Johannesburg, 4 June 2018 - Carl and Fartune walked into the room and Molline lit up. She was thrilled to have both JRS community health workers back in her apartment. “I prefer they stay with me the whole time,” Molline said.
Molline and her sister Melinda arrived in Johannesburg over two years ago. Since that time, Molline has been taking care of Melinda who is suffering from paralysis and complications from HIV. The constant care and lack of medical resources have made their transition as asylum seekers from Zimbabwe feel impossible. The two sisters and Molline’s husband live in a one-room apartment up a flight of unstable stairs. Molline had spent much of her time taking care of her sister, carrying her on her back up and down the stairs. Though both women had worked in their former lives, the burden of disease left them with no time or emotional energy to find a job or the ability to make a new life in a new place. This is where JRS found them.
JRS was able to identify Molline and Melinda as in need of assistance and provided community health workers Carl and Fartune. Carl and Fartune visit Molline and Melinda a few times a week. They perform physical therapy and massage to help Melinda to regain feeling and control of her legs and to relieve pain. But, the assistance that Carl and Fartune give is beyond just physical therapy and basic medical assistance. They help Molline to clean, to ensure that there aren’t further bacterial infections and to cook, so that Melinda has the nutrition she needs to heal. They also connect the family to other needed services and medical assistance.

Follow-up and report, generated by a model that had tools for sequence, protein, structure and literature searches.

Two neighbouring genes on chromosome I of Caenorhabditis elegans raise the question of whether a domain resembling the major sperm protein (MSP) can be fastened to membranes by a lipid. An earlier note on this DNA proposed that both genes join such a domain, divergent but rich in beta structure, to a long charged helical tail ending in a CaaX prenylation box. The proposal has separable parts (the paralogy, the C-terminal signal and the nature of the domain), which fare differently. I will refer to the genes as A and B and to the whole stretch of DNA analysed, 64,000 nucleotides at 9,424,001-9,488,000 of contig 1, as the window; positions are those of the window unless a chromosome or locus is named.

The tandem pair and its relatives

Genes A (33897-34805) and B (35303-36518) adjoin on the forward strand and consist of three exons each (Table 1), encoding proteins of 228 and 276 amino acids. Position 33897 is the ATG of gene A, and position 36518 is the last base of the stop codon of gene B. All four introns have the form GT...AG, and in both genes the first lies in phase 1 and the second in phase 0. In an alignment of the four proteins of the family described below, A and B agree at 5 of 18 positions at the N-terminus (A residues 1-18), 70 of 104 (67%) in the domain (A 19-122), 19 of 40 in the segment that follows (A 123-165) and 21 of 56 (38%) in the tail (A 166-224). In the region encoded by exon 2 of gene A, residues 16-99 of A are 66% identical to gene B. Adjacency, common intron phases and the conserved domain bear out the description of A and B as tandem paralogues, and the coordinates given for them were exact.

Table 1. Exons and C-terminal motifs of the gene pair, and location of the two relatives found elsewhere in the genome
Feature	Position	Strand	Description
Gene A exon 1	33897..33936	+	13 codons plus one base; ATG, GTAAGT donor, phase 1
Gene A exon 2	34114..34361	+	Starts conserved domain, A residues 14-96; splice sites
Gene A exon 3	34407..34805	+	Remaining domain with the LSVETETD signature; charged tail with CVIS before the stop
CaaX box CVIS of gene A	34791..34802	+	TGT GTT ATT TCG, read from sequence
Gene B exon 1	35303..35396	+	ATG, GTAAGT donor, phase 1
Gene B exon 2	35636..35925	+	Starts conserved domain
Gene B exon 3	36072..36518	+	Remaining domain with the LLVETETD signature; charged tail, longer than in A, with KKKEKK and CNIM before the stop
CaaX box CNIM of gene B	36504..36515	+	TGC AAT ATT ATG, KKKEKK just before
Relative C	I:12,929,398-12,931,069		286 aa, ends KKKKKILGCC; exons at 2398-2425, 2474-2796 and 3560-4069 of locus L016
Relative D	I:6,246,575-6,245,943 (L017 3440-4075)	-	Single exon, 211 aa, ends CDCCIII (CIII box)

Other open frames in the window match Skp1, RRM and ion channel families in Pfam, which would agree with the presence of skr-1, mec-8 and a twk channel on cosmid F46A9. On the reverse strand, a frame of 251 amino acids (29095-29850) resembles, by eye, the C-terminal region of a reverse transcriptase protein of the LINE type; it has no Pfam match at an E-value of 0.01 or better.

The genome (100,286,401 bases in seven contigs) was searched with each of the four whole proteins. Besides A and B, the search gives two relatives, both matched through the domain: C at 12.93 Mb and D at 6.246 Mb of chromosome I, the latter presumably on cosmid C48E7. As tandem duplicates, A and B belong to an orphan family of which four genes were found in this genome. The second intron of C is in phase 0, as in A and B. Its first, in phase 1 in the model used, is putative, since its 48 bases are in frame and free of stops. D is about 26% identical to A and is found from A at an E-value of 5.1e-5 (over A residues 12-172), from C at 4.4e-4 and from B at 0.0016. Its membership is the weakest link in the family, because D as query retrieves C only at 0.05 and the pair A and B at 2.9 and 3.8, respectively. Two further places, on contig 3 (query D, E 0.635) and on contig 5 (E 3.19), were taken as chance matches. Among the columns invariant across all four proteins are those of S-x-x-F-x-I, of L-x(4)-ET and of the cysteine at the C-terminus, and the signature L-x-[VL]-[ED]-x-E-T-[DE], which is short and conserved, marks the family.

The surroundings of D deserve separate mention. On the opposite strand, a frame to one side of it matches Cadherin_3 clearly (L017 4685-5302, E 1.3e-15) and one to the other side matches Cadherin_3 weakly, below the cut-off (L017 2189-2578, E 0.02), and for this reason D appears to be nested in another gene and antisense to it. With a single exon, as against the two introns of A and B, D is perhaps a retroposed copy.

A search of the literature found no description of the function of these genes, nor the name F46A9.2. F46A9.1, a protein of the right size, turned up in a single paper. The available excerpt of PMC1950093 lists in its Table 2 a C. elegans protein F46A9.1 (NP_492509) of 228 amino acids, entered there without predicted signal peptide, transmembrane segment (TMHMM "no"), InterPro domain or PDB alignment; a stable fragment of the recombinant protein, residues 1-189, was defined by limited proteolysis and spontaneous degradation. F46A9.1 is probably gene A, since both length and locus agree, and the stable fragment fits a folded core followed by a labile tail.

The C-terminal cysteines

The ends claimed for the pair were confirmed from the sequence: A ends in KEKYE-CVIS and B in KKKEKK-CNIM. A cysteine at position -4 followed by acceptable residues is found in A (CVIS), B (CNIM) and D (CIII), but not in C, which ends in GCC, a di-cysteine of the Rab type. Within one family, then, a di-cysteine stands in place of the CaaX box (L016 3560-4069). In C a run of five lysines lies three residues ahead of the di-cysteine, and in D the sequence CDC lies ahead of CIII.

In the few months that Carl and Fartune have been working with Melinda, there have seen miraculous results. Melinda, who was previously barely sitting up, can now stand on a walker and hopes to be able to use it to walk soon.
With support from the U.S. State Department’s Bureau of Population Refugees and Migration (PRM), Carl, Fartune, and a team of other community health workers work throughout the city of Johannesburg providing counselling, awareness raising workshops, and support groups to help sick and terminally ill refugees and asylum seekers. Urban refugees and migrants in South Africa face a range of obstacles with integration, particularly those struggling with illness and disease. JRS’s community health project is working to help those refugees and asylum seekers to remove at least the obstacle of health management.
Carl, who migrated to South Africa from Zimbabwe, and Fartune, who was born in Somalia and is a trained nurse, work in the Mayfair neighborhood and use their skills, language, love, and cultural understandings to travel throughout the neighborhood. They clean wounds, check in on infirmed patients, help caregivers find the right resources, and ensure that their clients have access to further medical care. Their dedication to their patients and the love and accompaniment they provide has already made a significant impact on the lives they’ve touched.
“I didn’t have hope,” Molline said referring to the time before Carl and Fartune came into her life, “but now, I have hope.”